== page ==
SAMUEL B. ROSENTHAL and CHARLES SAVAGE, Copartners, Doing Business under the Firm Name and Style of S. B. ROSENTHAL AND COMPANY, Respondents,
EDWARD RUBIN, Appellant.
APPEAL by the defendant, Edward Rubin, from an interlocutory judgment of the Supreme Court in favor of the plaintiffs, entered in the office of the clerk of the county of New York on the 7th day of October, 1911, upon the decision of the court, rendered after a trial at the New York Special Term, overruling the defendant's demurrer to the amended complaint.
Charles Goldzier, for the appellant.
Alex. B. Greenberg, for the respondents.
Appeal from an interlocutory judgment overruling demurrers to the first and third causes of action set out in the complaint, upon the ground that neither of them states facts sufficient to constitute a cause of action. The demurrers were overruled, as appears from the opinion of the learned justice sitting at Special Term, upon the ground that each cause of action was predicated, not upon the plaintiffs' performance of the contract, but upon the ground that such performance had been prevented by the defendant, and, therefore, need not be alleged.
In the first cause of action the plaintiffs allege, in substance, a contract by which the defendant employed them as his agents for a period of eleven months from February 1, 1910, to sell furs in a certain territory upon a stated commission; that by the terms of the agreement the plaintiffs, at their own cost and expense, were to employ salesmen, furnish them with trunks, advance their traveling expenses, and also advertise defendant's goods; that the defendant agreed to advance to the plaintiffs the sum of $30,000 on account of future commissions, and to pay that sum in three installments of $10,000 each on the first days of March, May and June following the making of the contract, the amount thus advanced to be deducted from the commissions when earned; that 'the plaintiffs entered upon the performance of their said contract and performed the same fully and entirely until about the 15th day of June, 1910,' when the defendant wrongfully discharged them; that no part of the $30,000 has been paid, except the sum of $5,000, and the balance is still due and owing, for which judgment is demanded.
The third cause of action sets up the same agreement, contains the same allegations as to performance and discharge, and then alleges that the amount of sales made by defendant, through plaintiffs' efforts, before and subsequent to the discharge, entitle the plaintiffs to a commission of $43,500, against which is credited the sum of $30,000; that is, the amount agreed to be advanced, leaving a balance due of $13,500, for which judgment is demanded.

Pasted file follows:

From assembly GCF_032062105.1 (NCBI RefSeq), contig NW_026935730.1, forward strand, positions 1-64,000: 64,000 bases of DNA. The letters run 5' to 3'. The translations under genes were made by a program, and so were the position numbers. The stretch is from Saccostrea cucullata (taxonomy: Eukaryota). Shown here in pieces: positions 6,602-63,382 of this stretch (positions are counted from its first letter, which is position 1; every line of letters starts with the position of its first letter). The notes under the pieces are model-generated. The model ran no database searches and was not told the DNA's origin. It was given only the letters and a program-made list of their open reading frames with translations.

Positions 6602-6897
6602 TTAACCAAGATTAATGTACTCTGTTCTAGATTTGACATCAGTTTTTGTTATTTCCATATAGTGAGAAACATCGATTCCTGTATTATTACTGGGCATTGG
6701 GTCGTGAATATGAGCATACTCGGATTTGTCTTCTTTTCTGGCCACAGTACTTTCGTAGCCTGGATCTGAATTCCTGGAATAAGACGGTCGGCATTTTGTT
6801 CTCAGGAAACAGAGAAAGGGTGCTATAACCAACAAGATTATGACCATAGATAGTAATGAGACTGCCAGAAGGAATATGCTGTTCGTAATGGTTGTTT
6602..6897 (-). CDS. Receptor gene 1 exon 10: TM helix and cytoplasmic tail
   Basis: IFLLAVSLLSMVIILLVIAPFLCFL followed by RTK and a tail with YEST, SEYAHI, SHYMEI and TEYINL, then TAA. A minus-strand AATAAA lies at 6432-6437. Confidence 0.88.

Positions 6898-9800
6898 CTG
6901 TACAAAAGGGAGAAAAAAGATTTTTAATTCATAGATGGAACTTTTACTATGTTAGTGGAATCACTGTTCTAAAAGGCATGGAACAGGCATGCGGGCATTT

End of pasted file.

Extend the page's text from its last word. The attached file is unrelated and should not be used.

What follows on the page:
The point of the demurrer to each cause of action is that the performance of conditions precedent is not sufficiently alleged; that the allegation 'that the plaintiffs entered upon the performance of their said contract and performed the same fully and entirely until about the 15th day of June, 1910,' when they were wrongfully discharged, is not equivalent to an allegation that the plaintiffs 'duly performed all the conditions' of the contract on their part to be performed. Section 533 of the Code of Civil Procedure provides that in pleading the performance of a condition precedent in a contract it is not necessary to state the facts constituting performance, but the party may state generally that he duly performed all the conditions on his part.
In Feuerstein v. German Union Fire Ins. Co. (141 App.Div.
456), where an action was brought upon a fire insurance policy, the plaintiff alleged that he had complied with each and every one of the terms, conditions and agreements of the policy on his part to be kept and performed. It was held that this was not equivalent to an allegation that he 'duly performed.'
In Hilton & Dodge Lumber Co. v. Sizer & Co. (137 A.D. 661) it was held that a general allegation that the plaintiff had performed on its part all of the terms of the agreement did not sufficiently allege ...